Pentecost Naghol: Bungee Jumping for Real Men

In 1995, the people of Pentecostes threatened to sue extreme sports companies for stealing the Naghol ritual. In terms of audacity, the elastic imitation falls far short of the original.
New Orleans Louisiana, First Line
New Orleans, Louisiana, USA

The Muse of the Great American South

New Orleans stands out from conservative US backgrounds as the defender of all rights, talents and irreverence. Once French, forever Frenchified, the city of jazz inspires new contagious rhythms, the fusion of ethnicities, cultures, styles and flavors.
young saleswoman, nation, bread, uzbekistan
Fergana Valley, Uzbekistan

Uzbekistan, The Nation That Does Not Lack Bread

Few countries employ cereals like Uzbekistan. In this republic of Central Asia, bread plays a vital and social role. The Uzbeks produce it and consume it with devotion and in abundance.
full cabin
Saariselka, Finland

The Delightful Arctic Heat

It is said that the Finns created SMS so they don't have to talk. The imagination of cold Nordics is lost in the mist of their beloved saunas, real physical and social therapy sessions.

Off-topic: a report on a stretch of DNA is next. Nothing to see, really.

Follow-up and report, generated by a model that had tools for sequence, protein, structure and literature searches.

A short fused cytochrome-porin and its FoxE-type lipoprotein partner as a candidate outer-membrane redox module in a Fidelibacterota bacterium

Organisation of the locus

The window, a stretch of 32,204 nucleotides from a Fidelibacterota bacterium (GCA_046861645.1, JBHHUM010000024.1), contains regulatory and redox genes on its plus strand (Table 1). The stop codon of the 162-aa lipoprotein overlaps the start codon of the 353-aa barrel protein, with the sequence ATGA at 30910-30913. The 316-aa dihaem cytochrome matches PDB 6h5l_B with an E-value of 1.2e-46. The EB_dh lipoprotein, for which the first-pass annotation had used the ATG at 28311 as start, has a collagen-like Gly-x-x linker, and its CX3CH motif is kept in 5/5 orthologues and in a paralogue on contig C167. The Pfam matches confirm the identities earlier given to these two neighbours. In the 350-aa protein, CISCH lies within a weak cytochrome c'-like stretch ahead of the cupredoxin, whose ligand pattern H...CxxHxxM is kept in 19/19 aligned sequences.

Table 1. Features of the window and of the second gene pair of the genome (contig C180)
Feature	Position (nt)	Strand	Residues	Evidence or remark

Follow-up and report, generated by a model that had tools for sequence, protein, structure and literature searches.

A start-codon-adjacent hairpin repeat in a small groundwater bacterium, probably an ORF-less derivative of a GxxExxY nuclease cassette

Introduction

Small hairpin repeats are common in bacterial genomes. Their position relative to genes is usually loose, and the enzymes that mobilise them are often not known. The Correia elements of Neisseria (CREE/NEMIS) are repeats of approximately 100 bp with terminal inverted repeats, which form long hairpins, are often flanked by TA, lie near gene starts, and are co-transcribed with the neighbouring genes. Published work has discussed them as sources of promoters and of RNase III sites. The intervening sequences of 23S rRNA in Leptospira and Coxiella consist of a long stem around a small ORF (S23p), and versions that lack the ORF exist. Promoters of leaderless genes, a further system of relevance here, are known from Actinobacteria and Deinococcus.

4th of July Fireworks-Seward, Alaska, United States
Seward, Alaska

The Longest 4th of July

The independence of the United States is celebrated, in Seward, Alaska, in a modest way. Even so, the 4th of July and its celebration seem to have no end.
Chefchouen to Merzouga, Morocco

Morocco from Top to Bottom

From the aniseed alleys of Chefchaouen to the first dunes of the Sahara, Morocco reveals the sharp contrasts of the first African lands, as Iberia has always seen in this vast Maghreb kingdom.
little subject

Hampi, India

Voyage to the Ancient Kingdom of Bisnaga